The Egyptian Minister of Foreign Affairs Sameh Shoukry and his US counterpart John Kerry discussed enforcing bilateral relations in a meeting in New York City, according to a statement released by the Egyptian Foreign Ministry on Saturday.
The ministers discussed regional development in Syria and Libya and the preparation of an international peace conference focused on the Palestinian-Israeli conflict.
According to a previous statement made by the US state department spokesperson John Kirby, Kerry and Shoukry discussed counter-terrorism efforts.
The meeting took place during Shoukry’s visit to the UN during which he will give a speech in a Security Council ministerial meeting headed by Egypt.
Shoukry put an emphasis on the strategic importance of Egyptian-US relations in a meeting with US congress member Kay Granger.
The spread of terrorism in Libya has been a major concern for the US as Islamic State (IS) militia have made territorial advances in oil rich country during the political conflict between the Tabruk and Tripoli governments.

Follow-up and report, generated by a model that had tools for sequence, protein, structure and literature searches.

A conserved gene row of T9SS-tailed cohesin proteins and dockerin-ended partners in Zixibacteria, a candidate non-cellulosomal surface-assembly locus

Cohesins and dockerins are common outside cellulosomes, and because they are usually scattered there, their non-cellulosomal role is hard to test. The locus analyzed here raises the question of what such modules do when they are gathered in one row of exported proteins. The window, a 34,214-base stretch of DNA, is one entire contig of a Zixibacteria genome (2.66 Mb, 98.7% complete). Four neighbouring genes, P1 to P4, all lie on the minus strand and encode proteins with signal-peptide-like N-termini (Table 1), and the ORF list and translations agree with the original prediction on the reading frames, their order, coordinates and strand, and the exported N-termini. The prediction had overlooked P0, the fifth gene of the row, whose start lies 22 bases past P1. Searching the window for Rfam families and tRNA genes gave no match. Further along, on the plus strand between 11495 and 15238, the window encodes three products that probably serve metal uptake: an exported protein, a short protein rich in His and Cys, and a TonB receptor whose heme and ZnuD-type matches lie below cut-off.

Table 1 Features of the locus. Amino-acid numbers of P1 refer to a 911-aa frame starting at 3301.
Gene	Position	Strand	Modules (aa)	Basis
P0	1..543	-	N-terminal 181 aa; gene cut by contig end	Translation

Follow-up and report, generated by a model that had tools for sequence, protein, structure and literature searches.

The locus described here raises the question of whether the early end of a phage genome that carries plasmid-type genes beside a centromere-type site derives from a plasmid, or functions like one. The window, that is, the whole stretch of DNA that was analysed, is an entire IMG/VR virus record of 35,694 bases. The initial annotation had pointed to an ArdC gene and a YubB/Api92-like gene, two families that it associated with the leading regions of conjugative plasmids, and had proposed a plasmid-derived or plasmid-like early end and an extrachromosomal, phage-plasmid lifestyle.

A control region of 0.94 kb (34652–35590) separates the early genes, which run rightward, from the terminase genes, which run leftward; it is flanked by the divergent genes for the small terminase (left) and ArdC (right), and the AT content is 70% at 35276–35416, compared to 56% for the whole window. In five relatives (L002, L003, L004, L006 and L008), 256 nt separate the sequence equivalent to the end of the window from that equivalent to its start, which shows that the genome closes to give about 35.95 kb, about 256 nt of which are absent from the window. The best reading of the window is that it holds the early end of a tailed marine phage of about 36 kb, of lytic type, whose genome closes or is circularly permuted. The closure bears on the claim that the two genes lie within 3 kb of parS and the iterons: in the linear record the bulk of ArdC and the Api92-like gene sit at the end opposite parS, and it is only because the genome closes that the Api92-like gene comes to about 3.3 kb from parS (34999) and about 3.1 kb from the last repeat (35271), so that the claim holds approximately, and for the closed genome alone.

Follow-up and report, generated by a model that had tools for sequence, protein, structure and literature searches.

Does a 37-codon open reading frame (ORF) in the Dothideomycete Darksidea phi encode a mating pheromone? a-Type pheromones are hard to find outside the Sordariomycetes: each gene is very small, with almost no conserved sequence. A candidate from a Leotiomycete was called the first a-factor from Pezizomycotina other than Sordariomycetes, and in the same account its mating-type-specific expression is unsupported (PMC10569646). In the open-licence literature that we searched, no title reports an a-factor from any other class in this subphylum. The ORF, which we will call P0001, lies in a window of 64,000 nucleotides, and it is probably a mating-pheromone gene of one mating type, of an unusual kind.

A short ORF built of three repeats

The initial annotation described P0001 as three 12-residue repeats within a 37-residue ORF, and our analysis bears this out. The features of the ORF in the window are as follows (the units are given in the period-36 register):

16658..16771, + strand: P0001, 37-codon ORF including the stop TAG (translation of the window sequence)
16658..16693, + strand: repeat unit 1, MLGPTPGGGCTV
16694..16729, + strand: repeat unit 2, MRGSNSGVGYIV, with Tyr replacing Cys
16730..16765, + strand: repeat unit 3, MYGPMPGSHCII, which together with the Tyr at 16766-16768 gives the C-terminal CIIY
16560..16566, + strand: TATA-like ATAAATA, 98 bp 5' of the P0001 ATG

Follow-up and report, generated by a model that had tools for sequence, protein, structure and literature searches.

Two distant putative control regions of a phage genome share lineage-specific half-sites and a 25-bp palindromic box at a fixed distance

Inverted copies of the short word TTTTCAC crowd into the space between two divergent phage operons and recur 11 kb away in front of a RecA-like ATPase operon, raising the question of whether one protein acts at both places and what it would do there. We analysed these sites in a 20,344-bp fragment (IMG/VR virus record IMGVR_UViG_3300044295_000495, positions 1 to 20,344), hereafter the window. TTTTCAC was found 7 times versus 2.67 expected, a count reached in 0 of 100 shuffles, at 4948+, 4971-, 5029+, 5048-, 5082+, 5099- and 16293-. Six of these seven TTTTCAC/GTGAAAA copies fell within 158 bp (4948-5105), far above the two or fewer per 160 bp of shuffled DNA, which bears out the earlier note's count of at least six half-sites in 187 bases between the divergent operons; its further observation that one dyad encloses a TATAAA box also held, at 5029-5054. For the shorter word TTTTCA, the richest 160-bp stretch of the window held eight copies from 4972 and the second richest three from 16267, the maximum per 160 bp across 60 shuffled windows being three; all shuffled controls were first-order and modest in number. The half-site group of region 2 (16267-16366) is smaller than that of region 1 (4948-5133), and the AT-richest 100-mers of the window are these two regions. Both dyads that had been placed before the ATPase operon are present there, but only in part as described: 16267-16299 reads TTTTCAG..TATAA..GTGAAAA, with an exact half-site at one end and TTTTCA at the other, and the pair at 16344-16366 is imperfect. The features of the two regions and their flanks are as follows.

Egypt recently presented a counter-terrorism initiative to the Security Council that focuses on fighting extremist ideologies.
A US congressional delegation that recently visited Egypt recommended supporting Egypt in its counter-terrorism efforts.
There have been several meetings between high-ranking US and Egyptian officials in the past months.
Egyptian-US relations were strained following the ouster of the Muslim Brotherhood’s government in 2013.
Egyptian security and defence advisor Sayed Ghoneim believes that the change in the American situation is based on its interest.
“The US is between a rock and a hard place. It either must stop playing the role of the world officer, with all its burdens, or it must leave conflict areas without solutions which could cause terrorism to spread further. The latter is against its interests.”
Ghoniem called the potential developments of the various terrorisms scenarios that have been presented to NATO terrifying, as some suggest western government will have to negotiate with the Islamic State lead within five years if greater international efforts are not implemented to curtail the organisation’s growth.
“Fighting terrorism in North Africa starts from Egypt in the east and Tunisia and Algeria in the west to block terrorism in Libya and Sinai”, he added.